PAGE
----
G shares how using their personal experience of mental ill-health to shape research opened up new career opportunities, landing them a job at a leading mental health charity. They talk about how they came across lived experience involvement opportunities, what they involved and how G contributed.
I turned my experience of mental ill-health into a career with the help of lived experience research.
I became involved in mental health research when I first became unwell and started experiencing mental health stigma in school from teachers. There wasn’t a big conversation about mental health then, particularly with young people. As well as my own experiences, I also had an interest in psychology, which I eventually studied at university,
Being involved in research completely changed my life.
When I graduated, I was looking to go into research myself, looking for research assistant jobs. That’s how I stumbled across ways to use my personal experiences to shape research. I started with small opportunities, like answering questionnaires or reviewing feedback forms via email.
Finding organisations like The McPin Foundation, Loneliness and Social Isolation in Mental Health Research Network and Emerging Minds Network and signing up for their newsletters, really helped me. Through them I found more lived experience involvement opportunities. I kept my eye on different university pages as well.
With time, I started working on bigger projects, such as sharing my thoughts in interviews about topics I had experience of. Researchers would want to just hear my story or let me feedback on what they were working on. It was always light, easy, and friendly.
I worked on some bigger projects too, which involved me being a lead on the project . This involved helping lead breakout rooms, and creating resources based on what we were working on
At times I found it challenging as I didn’t have a lot of confidence in myself. But this was a perfect opportunity to learn these skills for the first time in a place that would support me and not expect me to know how to do everything. I went from being someone that would be thanked for giving bits of my experience, to a co-author on a published paper with one of the networks.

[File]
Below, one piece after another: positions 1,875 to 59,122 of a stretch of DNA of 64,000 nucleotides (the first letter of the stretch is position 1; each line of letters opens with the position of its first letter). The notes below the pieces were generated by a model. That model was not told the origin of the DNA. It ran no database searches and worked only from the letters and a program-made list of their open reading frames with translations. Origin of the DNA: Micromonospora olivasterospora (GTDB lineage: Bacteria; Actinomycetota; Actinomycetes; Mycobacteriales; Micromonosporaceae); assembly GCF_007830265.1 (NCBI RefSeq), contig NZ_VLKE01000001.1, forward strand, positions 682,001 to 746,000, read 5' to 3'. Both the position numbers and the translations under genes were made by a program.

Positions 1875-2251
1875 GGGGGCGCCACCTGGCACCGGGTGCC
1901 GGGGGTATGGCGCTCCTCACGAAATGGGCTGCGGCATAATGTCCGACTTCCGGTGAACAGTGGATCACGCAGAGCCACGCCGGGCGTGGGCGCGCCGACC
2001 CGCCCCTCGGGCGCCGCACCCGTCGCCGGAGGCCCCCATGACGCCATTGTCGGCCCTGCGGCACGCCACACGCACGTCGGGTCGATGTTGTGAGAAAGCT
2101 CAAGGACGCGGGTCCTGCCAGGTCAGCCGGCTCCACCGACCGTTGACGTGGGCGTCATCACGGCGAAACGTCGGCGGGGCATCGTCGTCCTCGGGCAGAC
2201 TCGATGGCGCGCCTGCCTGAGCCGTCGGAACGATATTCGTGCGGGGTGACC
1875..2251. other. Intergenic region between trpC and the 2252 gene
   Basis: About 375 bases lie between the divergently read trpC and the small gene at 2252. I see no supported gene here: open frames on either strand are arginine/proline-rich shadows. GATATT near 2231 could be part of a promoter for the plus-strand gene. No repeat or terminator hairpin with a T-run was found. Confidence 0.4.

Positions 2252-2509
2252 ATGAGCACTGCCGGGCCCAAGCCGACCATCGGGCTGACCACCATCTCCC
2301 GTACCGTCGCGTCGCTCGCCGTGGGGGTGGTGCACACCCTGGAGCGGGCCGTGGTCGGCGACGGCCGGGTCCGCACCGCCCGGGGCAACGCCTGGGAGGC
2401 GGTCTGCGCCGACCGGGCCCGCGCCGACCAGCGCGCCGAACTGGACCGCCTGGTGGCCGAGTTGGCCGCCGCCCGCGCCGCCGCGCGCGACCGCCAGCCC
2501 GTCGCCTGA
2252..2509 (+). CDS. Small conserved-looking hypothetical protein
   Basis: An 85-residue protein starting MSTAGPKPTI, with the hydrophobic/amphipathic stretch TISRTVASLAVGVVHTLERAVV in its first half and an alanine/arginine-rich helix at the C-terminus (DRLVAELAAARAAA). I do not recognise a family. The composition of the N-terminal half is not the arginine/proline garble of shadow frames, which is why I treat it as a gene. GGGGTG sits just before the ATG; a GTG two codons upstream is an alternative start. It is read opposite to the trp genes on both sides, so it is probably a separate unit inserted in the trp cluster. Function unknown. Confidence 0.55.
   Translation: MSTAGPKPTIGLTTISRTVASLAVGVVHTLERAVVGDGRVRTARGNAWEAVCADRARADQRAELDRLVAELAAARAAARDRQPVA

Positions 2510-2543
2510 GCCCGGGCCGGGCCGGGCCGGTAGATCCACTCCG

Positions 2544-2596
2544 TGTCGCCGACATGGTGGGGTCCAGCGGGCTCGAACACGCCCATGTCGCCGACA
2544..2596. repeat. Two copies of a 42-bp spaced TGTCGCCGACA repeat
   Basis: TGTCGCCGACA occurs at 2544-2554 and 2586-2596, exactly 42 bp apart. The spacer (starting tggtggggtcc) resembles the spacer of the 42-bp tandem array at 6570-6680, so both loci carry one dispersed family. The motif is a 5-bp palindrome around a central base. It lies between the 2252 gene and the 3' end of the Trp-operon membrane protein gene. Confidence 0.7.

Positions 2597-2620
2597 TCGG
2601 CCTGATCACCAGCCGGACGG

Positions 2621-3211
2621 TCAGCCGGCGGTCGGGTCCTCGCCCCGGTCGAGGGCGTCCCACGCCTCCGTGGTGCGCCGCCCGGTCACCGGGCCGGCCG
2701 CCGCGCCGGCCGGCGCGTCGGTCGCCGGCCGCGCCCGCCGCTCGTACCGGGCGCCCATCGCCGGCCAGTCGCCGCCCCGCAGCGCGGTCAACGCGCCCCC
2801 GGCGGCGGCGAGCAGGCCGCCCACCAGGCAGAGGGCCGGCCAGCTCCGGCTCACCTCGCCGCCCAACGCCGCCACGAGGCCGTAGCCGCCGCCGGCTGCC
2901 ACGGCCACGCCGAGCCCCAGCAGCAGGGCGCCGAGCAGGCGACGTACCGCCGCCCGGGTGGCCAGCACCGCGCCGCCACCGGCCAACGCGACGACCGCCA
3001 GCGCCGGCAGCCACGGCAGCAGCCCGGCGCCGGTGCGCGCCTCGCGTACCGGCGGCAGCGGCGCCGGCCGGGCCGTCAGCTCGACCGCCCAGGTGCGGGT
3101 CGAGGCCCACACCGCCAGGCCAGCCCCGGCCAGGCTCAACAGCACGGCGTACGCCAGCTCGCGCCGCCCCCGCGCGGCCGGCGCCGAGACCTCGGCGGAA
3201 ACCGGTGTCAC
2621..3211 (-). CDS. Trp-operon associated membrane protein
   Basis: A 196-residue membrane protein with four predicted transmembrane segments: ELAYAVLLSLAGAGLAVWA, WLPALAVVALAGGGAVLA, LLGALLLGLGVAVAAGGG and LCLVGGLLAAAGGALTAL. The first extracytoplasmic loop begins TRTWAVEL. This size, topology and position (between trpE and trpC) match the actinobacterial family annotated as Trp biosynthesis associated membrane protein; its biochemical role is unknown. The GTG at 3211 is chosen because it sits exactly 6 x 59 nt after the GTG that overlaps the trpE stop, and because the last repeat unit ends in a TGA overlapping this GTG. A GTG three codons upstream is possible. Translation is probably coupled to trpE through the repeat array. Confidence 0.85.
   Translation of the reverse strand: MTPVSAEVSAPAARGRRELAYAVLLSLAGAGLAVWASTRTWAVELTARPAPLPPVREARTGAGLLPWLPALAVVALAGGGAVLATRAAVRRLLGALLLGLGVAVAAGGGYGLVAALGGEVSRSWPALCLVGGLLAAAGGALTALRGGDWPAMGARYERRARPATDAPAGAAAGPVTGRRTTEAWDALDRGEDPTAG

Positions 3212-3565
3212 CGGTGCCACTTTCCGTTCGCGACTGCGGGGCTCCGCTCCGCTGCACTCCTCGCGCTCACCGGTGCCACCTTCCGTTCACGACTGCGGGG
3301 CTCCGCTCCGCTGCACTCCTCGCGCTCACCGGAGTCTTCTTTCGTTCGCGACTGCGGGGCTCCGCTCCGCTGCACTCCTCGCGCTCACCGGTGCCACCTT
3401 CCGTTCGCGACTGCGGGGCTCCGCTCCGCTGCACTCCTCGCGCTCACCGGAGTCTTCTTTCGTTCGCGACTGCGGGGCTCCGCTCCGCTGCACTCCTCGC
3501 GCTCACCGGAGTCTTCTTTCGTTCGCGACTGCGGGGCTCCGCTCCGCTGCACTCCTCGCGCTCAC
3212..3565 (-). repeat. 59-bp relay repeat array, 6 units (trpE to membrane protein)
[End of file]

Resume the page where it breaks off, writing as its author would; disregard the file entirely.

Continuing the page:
I’ve benefited so much from research. I’ve developed important skills for the workplace, like communication and leadership skills. I connected with a network of people that worked in this area, helping me find more opportunities. But my involvement in research gave me so much more than that.
The pandemic hit. I wasn’t working, couldn’t find work, and was too ill to work. Research opportunities gave me things to work on and look forward to, without the pressure of a job. They connected me to people, and they let me turn my experiences into something useful, for myself and other people.
When I left university, I didn’t get a single interview for over 70 jobs I applied for, in everything from research to shop assistant roles. After two years of different voluntary and research experience during the pandemic, I got five job offers in two weeks!
I now work in information for young people at a leading mental health charity, the one I had dreamed of working for when I was younger. Although I am fortunate to have my psychology degree, my work in lived experience research helped me develop key skills to land my current job.
If you’re thinking about getting involved in shaping mental health research, keep thinking about it. You might not feel ready to share things and that’s ok. You don’t have to share everything either, only whatever you’re comfortable with, and it’s ok if that changes.
Keep an eye out for opportunities that suit you best and you feel most interested in. If you feel a sense of excitement and motivation but feel nervous, try to go for it! You’re more able than you think. Remember that researchers are learning too, all of us are continuing to learn new things every day.
The great thing about research is that you can get involved any way you want with the right opportunity. Not all of us can take part in big projects due to things like illness, financial constraints, or simply not being comfortable with it. It’s ok to do what works for you and whatever you do will make a difference. Research helped open up and change my world, I hope it does for you too.